Kentucky Medical Malpractice: Statute of Limitations and Award Limits
Kentucky medical malpractice law is, when compared to many other states, refreshingly straightforward. A throwback to the days before medical malpractice reform, Kentucky treats medical malpractice in much the same way it treats any other type of personal injury case. Attempts at reforming Kentucky medical malpractice law have been unilaterally unsuccessful, with bills seeking to cap damages and establish medical review panels garnering little or no legislative support. If you are thinking of filing a medical malpractice lawsuit in Kentucky, read on to learn more.
Statute of Limitations in Kentucky Medical Malpractice Cases
A medical malpractice case -- for injury or death -- must be filed within one year of when the injury was discovered (or reasonably should have been discovered). While the statute of limitations states that no medical malpractice suit may be brought later than five years from the actual act or omission causing the injury, Kentucky courts have suggested that the 5-year limit is unconstitutional. As such, Kentucky effectively operates with a "discovery rule" system requiring medical malpractice cases to be filed within one year of when the injury should have been discovered.
Notice and Expert Requirements
Kentucky does not have any pre-suit notice requirements in medical malpractice cases. A medical malpractice case in Kentucky commences when you file your lawsuit in the appropriate court. There is no need to notify a potential defendant of your intent to sue, and there is no requirement for a pre-suit affidavit of merit signed by an expert witness.
With regard to expert witnesses, you will need expert testimony to prove your case, unless the facts themselves establish a prima facie case of negligence. A prima facie case in one in which the injury could not have occurred absent negligence. For example, a foreign object left inside your body that causes an infection would be a prima facie case of medical malpractice. You don’t need an expert to attest to the fact that 1) leaving a sponge in your body is negligent, and 2) but for the presence of the foreign body, you would not have been injured. This is a very plaintiff-friendly facet of Kentucky medical malpractice law, because it allows plaintiffs to avoid the cost of medical expert witnesses in prima facie cases.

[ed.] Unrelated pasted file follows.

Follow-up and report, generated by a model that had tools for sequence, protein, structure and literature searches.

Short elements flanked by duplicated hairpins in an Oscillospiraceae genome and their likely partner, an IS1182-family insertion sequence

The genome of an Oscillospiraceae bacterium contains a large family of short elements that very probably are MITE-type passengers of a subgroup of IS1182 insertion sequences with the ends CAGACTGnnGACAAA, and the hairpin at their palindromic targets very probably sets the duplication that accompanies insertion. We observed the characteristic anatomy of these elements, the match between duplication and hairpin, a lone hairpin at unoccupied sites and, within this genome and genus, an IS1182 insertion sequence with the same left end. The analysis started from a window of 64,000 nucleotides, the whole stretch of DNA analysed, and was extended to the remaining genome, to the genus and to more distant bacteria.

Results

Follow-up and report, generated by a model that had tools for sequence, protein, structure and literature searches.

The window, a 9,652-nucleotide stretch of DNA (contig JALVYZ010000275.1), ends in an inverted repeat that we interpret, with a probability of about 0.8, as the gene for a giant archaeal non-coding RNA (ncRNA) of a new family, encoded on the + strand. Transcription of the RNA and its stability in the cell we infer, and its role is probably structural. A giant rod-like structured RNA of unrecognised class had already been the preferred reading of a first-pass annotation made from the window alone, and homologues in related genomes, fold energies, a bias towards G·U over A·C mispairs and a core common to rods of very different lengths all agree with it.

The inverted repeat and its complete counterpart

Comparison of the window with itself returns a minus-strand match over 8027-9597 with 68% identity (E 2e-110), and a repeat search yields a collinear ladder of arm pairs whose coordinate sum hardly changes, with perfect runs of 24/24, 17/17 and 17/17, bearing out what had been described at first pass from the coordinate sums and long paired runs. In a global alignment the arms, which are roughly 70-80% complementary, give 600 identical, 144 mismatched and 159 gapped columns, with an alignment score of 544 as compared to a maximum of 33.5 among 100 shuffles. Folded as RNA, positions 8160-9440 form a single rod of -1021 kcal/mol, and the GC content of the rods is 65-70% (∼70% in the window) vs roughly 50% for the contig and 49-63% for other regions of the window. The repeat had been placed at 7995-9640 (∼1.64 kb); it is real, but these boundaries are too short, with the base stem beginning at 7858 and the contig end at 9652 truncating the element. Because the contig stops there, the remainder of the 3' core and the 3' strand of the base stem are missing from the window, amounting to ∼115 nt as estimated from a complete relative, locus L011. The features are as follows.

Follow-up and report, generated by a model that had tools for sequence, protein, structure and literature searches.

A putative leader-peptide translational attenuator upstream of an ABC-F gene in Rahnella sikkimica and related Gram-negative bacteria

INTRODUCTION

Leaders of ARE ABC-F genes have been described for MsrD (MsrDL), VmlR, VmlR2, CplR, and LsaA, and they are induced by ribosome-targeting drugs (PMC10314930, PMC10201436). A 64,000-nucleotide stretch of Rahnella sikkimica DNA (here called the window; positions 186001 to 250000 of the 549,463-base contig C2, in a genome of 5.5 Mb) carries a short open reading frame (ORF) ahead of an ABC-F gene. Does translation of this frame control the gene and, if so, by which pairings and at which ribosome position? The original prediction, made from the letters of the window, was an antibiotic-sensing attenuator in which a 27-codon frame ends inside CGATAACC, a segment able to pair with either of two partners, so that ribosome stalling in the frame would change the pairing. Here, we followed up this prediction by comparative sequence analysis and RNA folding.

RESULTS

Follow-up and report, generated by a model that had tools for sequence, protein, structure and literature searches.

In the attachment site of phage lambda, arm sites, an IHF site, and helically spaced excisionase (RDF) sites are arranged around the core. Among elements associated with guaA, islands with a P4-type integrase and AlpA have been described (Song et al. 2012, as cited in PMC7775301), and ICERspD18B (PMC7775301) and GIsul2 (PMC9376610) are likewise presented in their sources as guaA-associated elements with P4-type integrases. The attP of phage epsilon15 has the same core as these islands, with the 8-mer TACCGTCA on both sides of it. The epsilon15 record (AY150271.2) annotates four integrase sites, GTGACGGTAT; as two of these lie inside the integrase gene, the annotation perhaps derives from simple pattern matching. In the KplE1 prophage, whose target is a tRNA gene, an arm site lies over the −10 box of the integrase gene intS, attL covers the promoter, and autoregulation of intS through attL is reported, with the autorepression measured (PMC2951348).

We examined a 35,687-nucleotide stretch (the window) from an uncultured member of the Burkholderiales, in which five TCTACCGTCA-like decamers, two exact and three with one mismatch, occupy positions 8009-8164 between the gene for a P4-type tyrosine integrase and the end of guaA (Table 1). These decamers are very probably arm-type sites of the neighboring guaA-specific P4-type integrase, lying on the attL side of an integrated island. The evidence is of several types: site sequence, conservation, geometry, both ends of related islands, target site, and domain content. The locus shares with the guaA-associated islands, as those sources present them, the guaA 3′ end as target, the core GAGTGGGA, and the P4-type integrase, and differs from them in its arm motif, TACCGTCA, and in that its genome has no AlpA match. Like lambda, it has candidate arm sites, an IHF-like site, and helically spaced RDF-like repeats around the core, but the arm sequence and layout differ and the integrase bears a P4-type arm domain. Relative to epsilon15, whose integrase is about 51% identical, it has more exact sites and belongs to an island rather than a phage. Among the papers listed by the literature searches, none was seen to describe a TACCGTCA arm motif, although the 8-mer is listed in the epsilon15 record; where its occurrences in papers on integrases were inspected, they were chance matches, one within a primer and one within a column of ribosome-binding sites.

Damage Caps and Fault
Kentucky does not have any cap on non-economic damages in medical malpractice cases. This can lead to very favorable verdicts for plaintiffs.
Doctors, physician groups and health care companies have cited the lack of damage caps in Kentucky medical malpractice law as a major “deficiency”, and some argue it has had a chilling effect on the growth of the health care industry in Kentucky. The potential for a devastating verdict is very real, and many health care corporations believe the risks of operating in Kentucky outweigh the potential financial benefits. Trial lawyers and plaintiff advocate groups, however, are very supportive of the straightforward nature of Kentucky law, and the state population, thus far, seems to agree that damage caps and other limitations are unnecessary. Legislation aimed at reforming Kentucky medical malpractice law has failed to gain traction.
Kentucky operates under a pure comparative fault system, meaning that a percentage of fault can be assigned to each party to the case, and any verdict is apportioned accordingly. Since Kentucky is a pure comparative negligence state, any fault attributed to the plaintiff simply reduces the plaintiff’s award by an amount equal to the plaintiff's share of the blame. It does not bar the plaintiff from recovery. For example, in a medical malpractice case where the patient is awarded $100,000 in total damages, but is also found to be 35 percent at fault (by ignoring the doctor's after-care instructions), the patient will receive $65,000 (which is the original $100,000 award reduced by 35 percent).